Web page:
Your patient is a 25-year-old married woman who wants to postpone having children for another 2 years while she finishes graduate school. She and her husband are currently using condoms, but would like to change to something different. She is in good health and does not smoke. You take this opportunity to discuss with her all the methods available to prevent pregnancy. First, you determine what she knows about the methods and if she has any preferences. She tells you that she is specifically interested in either the hormonal vaginal ring (NuvaRing) (Figure 3-1) or an intrauterine device that releases a hormone (Figure 3-2). You participate in shared decision-making as she comes up with the method that best fits her lifestyle and health issues.
NuvaRing is a combined hormonal intravaginal contraceptive ring. The flexible material of the ring allows for easy insertion and removal. Note the size in comparison to a quarter. (Reproduced with permission from Richard P. Usatine, MD.)
Mirena (levonorgestrel-releasing intrauterine system) provides effective contraception for at least 5 years. (Reproduced with permission from Bayer HealthCare Pharmaceuticals Inc.)
Contraception, like most other medical interventions, requires informed decision-making for best outcomes. Each birth control method has its inherent risks and benefits. Each method has its barriers to use, such as compliance, cost, and social stigmas. By educating patients appropriately and letting them know beforehand of potential side effects, we can greatly increase adherence and satisfaction.
An unintended pregnancy may be either unwanted (occurred when no children or no more children were desired) or mistimed. Unintended pregnancy most often results from nonuse, inconsistent use, or incorrect use of effective contraceptive methods. Unintended pregnancy is associated with an increased risk of adverse outcomes for the mother and baby. For instance, a woman may not be in optimal health for childbearing or have missed the opportunity for preconception or early prenatal care such as taking folic acid, quitting tobacco use, and abstaining from alcohol and drugs.1 Good communication and shared decision-making between providers and patients may minimize these risks.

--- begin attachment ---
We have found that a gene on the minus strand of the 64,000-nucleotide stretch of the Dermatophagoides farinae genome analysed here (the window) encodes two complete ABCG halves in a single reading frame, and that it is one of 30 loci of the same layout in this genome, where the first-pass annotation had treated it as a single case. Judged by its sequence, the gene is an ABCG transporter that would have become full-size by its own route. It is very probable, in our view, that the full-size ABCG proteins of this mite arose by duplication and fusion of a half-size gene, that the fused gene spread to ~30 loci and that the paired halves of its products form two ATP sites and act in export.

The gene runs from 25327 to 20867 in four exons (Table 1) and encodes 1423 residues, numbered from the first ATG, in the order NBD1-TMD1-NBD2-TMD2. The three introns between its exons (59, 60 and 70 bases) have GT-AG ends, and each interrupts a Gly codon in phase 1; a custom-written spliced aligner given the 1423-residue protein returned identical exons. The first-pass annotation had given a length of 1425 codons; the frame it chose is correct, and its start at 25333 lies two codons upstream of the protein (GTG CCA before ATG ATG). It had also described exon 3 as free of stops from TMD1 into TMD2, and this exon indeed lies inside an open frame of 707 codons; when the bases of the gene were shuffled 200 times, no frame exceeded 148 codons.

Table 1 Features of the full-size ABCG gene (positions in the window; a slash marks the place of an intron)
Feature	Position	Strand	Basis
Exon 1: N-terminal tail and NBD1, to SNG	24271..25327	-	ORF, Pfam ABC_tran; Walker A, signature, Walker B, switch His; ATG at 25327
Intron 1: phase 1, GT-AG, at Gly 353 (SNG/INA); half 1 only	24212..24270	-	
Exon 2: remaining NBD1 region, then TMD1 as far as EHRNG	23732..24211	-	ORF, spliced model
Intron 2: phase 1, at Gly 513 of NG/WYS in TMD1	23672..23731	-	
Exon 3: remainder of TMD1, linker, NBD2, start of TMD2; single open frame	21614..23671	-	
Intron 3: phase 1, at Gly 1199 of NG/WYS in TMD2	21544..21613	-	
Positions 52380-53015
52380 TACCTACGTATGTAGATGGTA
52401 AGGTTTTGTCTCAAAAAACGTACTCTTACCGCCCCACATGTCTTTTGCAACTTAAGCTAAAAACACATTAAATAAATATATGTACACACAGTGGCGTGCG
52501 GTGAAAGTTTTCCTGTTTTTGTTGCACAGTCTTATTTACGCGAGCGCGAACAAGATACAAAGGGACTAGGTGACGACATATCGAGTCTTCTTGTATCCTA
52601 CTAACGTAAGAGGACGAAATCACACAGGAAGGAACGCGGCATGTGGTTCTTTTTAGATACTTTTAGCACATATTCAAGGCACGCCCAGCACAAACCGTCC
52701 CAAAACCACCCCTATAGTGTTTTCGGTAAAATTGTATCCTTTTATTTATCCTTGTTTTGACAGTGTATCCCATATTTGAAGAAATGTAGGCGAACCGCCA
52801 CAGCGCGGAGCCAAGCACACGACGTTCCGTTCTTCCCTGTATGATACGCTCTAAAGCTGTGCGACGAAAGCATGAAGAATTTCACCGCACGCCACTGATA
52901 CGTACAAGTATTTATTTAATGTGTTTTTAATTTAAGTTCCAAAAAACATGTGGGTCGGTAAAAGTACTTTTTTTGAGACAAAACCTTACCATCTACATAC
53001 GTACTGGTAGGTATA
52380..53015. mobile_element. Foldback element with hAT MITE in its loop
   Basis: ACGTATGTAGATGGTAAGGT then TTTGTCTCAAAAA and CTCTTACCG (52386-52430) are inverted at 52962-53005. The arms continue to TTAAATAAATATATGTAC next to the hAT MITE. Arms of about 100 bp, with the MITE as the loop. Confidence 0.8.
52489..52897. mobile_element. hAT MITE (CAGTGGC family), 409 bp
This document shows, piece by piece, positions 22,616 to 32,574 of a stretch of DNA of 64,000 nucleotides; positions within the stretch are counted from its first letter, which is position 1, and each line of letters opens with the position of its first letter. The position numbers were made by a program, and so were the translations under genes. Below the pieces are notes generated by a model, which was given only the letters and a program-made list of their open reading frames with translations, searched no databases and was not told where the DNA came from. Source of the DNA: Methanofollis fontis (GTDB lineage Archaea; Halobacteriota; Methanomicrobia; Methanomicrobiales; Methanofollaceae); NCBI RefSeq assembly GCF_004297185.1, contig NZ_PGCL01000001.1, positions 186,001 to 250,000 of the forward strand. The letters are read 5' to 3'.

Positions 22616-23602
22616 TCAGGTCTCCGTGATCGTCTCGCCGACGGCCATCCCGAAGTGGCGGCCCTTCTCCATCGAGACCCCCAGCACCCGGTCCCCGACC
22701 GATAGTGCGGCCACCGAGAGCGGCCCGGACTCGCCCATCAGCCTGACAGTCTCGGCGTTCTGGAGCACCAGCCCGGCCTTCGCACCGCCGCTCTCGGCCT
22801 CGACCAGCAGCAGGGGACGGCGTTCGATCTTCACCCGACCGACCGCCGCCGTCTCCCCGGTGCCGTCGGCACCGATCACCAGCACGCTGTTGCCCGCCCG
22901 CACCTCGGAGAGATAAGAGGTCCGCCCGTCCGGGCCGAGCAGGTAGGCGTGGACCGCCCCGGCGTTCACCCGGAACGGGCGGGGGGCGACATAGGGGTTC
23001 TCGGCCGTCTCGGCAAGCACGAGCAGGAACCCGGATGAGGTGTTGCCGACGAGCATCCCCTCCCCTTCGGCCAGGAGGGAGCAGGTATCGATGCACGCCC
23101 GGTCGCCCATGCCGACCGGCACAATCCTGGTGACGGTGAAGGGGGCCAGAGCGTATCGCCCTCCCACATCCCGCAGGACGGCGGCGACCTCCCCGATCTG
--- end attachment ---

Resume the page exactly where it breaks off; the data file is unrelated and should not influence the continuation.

In 2011, 45% of pregnancies were unintended, which is a decline from 51% in 2008. During this period, the rate of unintended pregnancies decreased 18% from 54 to 45 unintended pregnancies per 1000 women for ages 15–44 years.2 Approximately half of these occurred in women using reversible contraception.3
Large declines (44%) also occurred among teenagers ages 15–17 years. However, unintended pregnancy rates per 1000 women were highest among women ages 18–24 years, had incomes <100% of the federal poverty level, had not graduated from high school, or who were cohabiting women ...